Transcriptional regulation of mixed lineage kinase 3 by estrogen and its implication in ER-positive breast cancer pathogenesis
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Navin Viswakarma1, Rakesh Sathish Nair1, Gautam Sondarva1, Subhasis Das1, Lucas Ibrahimi1, Zhiyong Chen4, Subhash Sinha4, Basabi Rana1,2,3, Ajay Rana1,2,3
1Department of Surgery, Division of Surgical Oncology, University of Illinois at Chicago, Chicago, IL 60612, USA
2University of Illinois Hospital and Health Sciences System Cancer Center, University of Illinois at Chicago, Chicago, IL 60612, USA
3Jesse Brown VA Medical Center, Chicago, IL 60612, USA
4Department of Cell and Molecular Biology, The Scripps Research Institute, La Jolla, CA 92037, USA
Ajay Rana, email: email@example.com
Keywords: estrogen receptor, MLK3, transcriptional regulation, breast cancer, estrogen response element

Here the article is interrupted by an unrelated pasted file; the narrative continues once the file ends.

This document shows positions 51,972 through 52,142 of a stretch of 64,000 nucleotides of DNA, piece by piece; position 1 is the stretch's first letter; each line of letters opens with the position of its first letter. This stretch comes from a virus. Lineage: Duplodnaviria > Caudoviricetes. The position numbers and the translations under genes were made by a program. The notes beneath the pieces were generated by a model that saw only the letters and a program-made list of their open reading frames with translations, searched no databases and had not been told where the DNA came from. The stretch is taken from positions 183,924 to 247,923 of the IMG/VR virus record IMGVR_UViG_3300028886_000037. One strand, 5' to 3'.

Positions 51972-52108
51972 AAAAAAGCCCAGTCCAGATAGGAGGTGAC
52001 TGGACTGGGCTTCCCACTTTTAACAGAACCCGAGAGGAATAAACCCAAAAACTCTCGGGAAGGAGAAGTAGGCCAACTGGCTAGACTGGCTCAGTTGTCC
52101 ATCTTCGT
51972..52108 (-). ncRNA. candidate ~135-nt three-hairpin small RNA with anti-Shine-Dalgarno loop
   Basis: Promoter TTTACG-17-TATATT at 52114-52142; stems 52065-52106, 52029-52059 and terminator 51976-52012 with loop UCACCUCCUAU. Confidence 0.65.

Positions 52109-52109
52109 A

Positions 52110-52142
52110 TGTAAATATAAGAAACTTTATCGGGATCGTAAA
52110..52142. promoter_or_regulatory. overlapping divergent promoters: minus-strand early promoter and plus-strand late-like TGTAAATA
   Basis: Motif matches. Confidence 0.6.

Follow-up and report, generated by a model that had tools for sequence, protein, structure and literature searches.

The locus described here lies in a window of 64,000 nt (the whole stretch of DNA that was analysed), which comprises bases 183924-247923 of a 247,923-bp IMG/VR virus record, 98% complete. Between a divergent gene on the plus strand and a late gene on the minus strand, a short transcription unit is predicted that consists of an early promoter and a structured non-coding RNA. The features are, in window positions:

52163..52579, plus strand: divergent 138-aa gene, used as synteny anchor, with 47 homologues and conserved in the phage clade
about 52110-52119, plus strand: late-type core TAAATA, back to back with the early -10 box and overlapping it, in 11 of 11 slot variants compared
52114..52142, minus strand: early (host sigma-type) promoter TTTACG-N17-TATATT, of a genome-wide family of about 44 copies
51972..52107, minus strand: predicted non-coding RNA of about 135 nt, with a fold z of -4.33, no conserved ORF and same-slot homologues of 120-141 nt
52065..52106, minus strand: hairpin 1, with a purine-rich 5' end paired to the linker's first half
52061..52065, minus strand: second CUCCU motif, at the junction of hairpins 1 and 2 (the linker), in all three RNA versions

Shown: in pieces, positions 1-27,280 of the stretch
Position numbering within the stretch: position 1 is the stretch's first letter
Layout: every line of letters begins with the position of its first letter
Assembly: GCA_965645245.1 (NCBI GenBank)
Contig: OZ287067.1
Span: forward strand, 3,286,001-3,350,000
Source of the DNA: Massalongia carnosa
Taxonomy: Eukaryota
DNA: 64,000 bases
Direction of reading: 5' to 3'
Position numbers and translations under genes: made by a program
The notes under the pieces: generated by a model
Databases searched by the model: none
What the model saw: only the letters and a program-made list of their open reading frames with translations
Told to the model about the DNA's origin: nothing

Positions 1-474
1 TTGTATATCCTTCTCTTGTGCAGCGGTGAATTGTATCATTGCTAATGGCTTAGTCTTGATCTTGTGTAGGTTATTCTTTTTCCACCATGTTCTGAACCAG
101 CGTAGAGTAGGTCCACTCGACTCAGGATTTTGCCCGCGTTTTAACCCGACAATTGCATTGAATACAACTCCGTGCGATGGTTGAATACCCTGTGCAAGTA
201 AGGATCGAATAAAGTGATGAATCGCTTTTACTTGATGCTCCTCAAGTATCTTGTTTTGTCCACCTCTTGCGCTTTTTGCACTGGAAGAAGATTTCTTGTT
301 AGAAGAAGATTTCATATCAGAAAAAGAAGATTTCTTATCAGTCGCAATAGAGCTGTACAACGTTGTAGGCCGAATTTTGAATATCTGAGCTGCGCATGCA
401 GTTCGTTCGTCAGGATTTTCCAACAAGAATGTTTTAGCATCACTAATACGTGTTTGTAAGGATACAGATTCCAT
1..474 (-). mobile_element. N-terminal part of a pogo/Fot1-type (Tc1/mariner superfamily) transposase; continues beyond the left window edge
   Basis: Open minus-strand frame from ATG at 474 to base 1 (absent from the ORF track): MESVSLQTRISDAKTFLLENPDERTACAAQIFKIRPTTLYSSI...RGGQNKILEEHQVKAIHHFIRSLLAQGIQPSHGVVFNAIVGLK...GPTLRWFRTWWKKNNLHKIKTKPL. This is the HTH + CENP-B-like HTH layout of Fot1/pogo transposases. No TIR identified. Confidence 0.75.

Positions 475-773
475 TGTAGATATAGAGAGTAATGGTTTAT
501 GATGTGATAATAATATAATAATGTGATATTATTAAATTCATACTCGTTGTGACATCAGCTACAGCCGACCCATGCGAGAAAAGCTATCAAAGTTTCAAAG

Received: January 30, 2017 Accepted: March 16, 2017 Published: March 25, 2017
Mixed Lineage Kinase 3 (MLK3), also called as MAP3K11 is a tightly regulated MAP3K member but its cellular function is still not fully understood. Earlier we reported post-translational regulation of MLK3 by estrogen (E2) that inhibited the kinase activity and favored survival of ER+ breast cancer cells. Here we report that MLK3 is also transcriptionally downregulated by E2 in ER+ breast cancer cells. Publicly available data and in situ hybridization of human breast tumors showed significant down regulation of MLK3 transcripts in ER+ tumors. The basal level of MLK3 transcripts and protein in ER+ breast cancer cell lines were significantly lower, and the protein expression was further down regulated by E2 in a time-dependent manner. Analysis of the promoter of MLK3 revealed two ERE sites which were regulated by E2 in ER+ but not in ER– breast cancer cell lines. Both ERα and ERβ were able to bind to MLK3 promoter and recruit nuclear receptor co-repressors (NCoR, SMRT and LCoR), leading to down-regulation of MLK3 transcripts. Collectively these results suggest that recruitment of nuclear receptor co-repressor is a key feature of ligand-dependent transcriptional repression of MLK3 by ERs. Therefore coordinated transcriptional and post-translational repression of pro-apoptotic MLK3 probably is one of the mechanisms by which ER+ breast cancer cells proliferate and survive.
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